Learn How to Use Gustar in Spanish and Avoid an Incredibly Common Mistake
Me gustan las películas de terror. (I like horror movies.)
Do you see any difference in the construction between the Spanish and English versions?
Write down what you think the difference is and then keep reading the post normally.
We can now move onward and learn how to use the Spanish verb gustar in all its peculiar glory!
- On the Meaning of Gustar
- Differences Between Spanish Gustar and English “to Like”
- Spanish Indirect Objects and Their Connection to Gustar
- Me Gusta vs. Me Gusto
On the Meaning of Gustar
If you look up the verb gustar in a dictionary, you will get translations such as “to like,” “to taste,” “to enjoy” and “to be pleasing,” among others.
At first glance, you might not notice anything weird. You may assume that you are dealing with yet another normal, boring regular Spanish verb and start building sentences like these (the symbol * means the sentence is grammatically incorrect):
Yo gusto este libro.* (I like this book.)
Las chicas gustan mi perro.* (The girls like my dog.)
Mi hermano gusta la comida mexicana.* (My brother likes Mexican food.)
But as you can see, the normal way of building sentences (subject + verb + object) does not seem to work with this verb. Something must be wrong, and we need to find out what it is.
What we know already is that gustar means “to like” and that we have a grammatically correct sentence in the introduction. Let’s take a closer look at it:
Me gustan las películas de terror. (I like horror movies.)
We have me, which must mean “me” in English. Then we have gustan (to like, third person plural). And finally, we have las películas de terror (horror movies, also plural). Does this mean it is the horror movies who do the liking? No, it does not. That would be impossible! But I think we are getting closer…
Let’s do an experiment and scramble the words a little bit:
Las películas de terror me gustan.
Wow! The sentence does not have an asterisk, so it is still grammatically correct!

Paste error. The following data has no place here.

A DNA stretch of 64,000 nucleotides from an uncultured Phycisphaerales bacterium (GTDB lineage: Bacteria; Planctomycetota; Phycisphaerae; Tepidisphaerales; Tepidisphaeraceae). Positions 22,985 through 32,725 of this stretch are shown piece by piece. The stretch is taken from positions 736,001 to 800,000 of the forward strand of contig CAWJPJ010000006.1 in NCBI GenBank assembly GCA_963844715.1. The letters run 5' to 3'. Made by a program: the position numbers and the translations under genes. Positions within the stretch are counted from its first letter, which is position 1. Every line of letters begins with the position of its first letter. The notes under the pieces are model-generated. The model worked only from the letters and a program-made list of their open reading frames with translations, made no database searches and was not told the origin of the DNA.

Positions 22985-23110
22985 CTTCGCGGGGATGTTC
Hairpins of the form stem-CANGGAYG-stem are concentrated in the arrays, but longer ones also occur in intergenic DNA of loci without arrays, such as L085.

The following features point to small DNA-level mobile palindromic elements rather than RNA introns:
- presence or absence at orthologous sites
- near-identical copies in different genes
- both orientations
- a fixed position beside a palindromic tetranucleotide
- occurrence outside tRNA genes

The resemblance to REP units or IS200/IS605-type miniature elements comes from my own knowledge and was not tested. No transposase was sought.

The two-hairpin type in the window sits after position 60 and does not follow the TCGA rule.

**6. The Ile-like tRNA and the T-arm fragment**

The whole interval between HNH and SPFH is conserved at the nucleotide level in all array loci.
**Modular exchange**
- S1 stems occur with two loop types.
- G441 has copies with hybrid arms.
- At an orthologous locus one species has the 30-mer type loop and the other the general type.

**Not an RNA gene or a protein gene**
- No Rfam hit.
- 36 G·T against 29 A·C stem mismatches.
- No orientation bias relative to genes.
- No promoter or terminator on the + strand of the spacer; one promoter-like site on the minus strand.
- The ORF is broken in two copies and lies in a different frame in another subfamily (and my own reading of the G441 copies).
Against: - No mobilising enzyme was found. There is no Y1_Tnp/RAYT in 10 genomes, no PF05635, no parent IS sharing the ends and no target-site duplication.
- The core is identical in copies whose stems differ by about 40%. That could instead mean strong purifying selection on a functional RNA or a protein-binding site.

How can we translate the sentence so that it makes sense in English? We can try the four translations we got from the dictionary (to like, to taste, to enjoy and to be pleasing):
“Horror movies like me.” (Nope…)
“Horror movies taste me.” (Gosh, no!)
“Horror movies enjoy me.” (Not there yet.)
“Horror movies please me.” (Hmmm… I like this one!)
Let’s make a few adjustments:
“Horror movies are pleasing to me.” (You got it!)
It turns out the literal meaning of gustar is “to be pleasing”!
Now it is clear why the original sentence had a verb in the third person plural. Movies are pleasing to me!
Cool! Now you can understand exactly what Spanish-speaking people mean when they describe the things they like.
But there is a bit more to this verb that you will have to learn before you can use it correctly. Let’s find out more about how to use gustar!
Differences Between Spanish Gustar and English “to Like”
Using gustar changes the word order of the sentence.
Ok, so we know if we really want to have a literal translation of a Spanish sentence with gustar, the closest English version will say that something is pleasing to someone. But that is not the only difference we can observe between both sentences.
Allow me to give you another example:
Nos gustan los fuegos artificiales. (Fireworks are pleasing to us, or We like fireworks.)